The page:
Telomere fluctuations that average out over time have previously been observed,73 but there is currently no model for the potential underlying biological processes. One mechanism that could be responsible for the associated changes in LTL and CT may be the action of the cellular enzyme telomerase. Telomerase counteracts telomere shortening by replenishing telomeric DNA during cell division.22,74 Increases in telomerase activity have been associated with short-term telomere lengthening, most notably following 6-month physical training protocols,20,75 and may also have mediated the lengthening observed in this study. Likewise, cortical thickening could be facilitated by an increased telomerase-associated proliferative capacity of critical support cells in the brain capable of undergoing mitosis in the adult, resulting in greater tissue volume, as previously proposed.7 Heightened telomerase activity may therefore lead to associated increases in LTL and CT, assuming that central and peripheral telomerase activity are related. In line with this reasoning, telomerase activity was previously found to correlate positively with hippocampal volume, although not with LTL, in a small sample of patients with major depressive disorder.76 While it is unclear which neurobiological mechanisms exactly underlie cortical thickening in the age group evaluated herein, these authors described the potential gliogenesis-enhancing and neuroprotective effects of telomerase in more detail. Concomitant telomere shortening and cortical thinning, if not reflective of aging-related decline, could similarly result from accelerated telomere attrition and decreased cellular proliferation under lowered telomerase activity. In the present study, we could not assess whether such fluctuations in telomerase activity occurred and, if so, whether they result from endogenous processes or external influences, such as the lifestyle factors stress or physical exercise.20,77 The same lifestyle variables have also been directly associated with differences in telomere length15,20 and brain structure,78,79 and therefore provide an explanatory framework for the observed concomitant change that may not involve mediation through telomerase activity.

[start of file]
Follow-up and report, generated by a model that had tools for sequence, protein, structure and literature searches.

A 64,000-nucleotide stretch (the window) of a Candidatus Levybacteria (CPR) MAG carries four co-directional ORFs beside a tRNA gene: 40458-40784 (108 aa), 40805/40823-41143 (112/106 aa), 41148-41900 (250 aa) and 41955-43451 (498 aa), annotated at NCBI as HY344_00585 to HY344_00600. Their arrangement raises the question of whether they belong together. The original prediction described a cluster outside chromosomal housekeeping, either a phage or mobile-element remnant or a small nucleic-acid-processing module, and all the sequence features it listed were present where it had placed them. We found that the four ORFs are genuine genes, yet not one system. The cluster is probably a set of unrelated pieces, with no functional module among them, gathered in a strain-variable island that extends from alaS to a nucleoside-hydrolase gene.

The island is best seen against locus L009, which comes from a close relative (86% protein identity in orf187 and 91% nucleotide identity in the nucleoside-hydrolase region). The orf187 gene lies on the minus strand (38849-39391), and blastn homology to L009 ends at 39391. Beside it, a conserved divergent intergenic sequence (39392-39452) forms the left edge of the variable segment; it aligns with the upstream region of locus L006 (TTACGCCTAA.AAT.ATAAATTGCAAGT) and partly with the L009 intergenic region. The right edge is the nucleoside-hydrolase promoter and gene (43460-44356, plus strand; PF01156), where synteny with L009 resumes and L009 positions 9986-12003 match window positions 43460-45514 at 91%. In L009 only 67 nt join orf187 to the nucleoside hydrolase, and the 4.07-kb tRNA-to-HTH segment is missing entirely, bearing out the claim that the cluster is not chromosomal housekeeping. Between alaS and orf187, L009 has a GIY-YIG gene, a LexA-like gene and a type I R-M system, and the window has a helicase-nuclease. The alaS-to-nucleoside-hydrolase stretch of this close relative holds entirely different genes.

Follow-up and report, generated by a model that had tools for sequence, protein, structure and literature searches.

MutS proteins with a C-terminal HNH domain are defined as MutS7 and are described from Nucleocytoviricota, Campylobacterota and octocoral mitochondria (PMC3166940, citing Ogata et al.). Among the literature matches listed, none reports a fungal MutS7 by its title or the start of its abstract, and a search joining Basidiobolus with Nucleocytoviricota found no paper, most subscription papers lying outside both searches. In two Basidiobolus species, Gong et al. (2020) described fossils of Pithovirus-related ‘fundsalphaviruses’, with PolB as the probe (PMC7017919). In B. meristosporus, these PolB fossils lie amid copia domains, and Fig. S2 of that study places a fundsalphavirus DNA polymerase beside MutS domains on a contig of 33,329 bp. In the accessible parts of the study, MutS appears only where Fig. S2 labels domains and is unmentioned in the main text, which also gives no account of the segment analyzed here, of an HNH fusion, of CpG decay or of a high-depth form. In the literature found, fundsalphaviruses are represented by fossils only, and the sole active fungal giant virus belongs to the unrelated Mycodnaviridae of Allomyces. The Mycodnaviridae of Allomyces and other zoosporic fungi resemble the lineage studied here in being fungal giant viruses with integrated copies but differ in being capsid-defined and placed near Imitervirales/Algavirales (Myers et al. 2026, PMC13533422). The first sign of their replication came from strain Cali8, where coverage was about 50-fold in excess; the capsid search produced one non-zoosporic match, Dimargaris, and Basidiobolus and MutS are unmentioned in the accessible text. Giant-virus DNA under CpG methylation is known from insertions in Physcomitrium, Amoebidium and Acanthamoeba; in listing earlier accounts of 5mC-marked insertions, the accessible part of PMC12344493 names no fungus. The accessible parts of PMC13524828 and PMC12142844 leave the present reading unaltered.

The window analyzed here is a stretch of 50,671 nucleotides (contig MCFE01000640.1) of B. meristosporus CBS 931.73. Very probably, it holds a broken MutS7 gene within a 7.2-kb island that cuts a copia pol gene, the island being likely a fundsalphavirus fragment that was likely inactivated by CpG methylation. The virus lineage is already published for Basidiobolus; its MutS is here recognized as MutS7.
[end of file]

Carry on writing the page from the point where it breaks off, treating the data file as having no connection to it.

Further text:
The present study identified significantly less widespread association between change in LTL and brain structure than was reported by King and colleagues.7 Likely reasons for this divergence include King and colleagues’7 region of interest–based, cross-sectional study design compared with our whole-brain longitudinal analysis approach, as well as their older and considerably larger sample (N = 1960), which sensitized their analyses to associations with very small effect sizes of R2 less than 1%. Owing to our comparatively smaller participant sample, the present study was not equipped to detect similarly sized effects. Nonetheless, a specific association between LTL change and thickness change in the left precuneus/PCC was identified. The precuneus/PCC region is a prominent metabolic hub and central node of the default mode network.80 The observed change in CT may thus, for example, reflect a particularly strong susceptibility to telomerase-related synaptic plasticity grounded in this region’s unique metabolic and connectional properties. Moreover, it is notable that precuneus/PCC structure and function are impaired in age-related neurodegenerative disorders, such as Alzheimer disease.8,9,81 In cross-sectional studies, shorter telomeres have been associated with similar age-related conditions.3-6 The specific coupling of short-term LTL change with ΔCT in the precuneus/PCC could be a window to cellular processes implicated in the development of age-related diseases. The long-term dynamics of this association should be investigated in future research using targeted, longitudinal population studies tracking aging-related changes in telomere length in combination with multimodal MRI.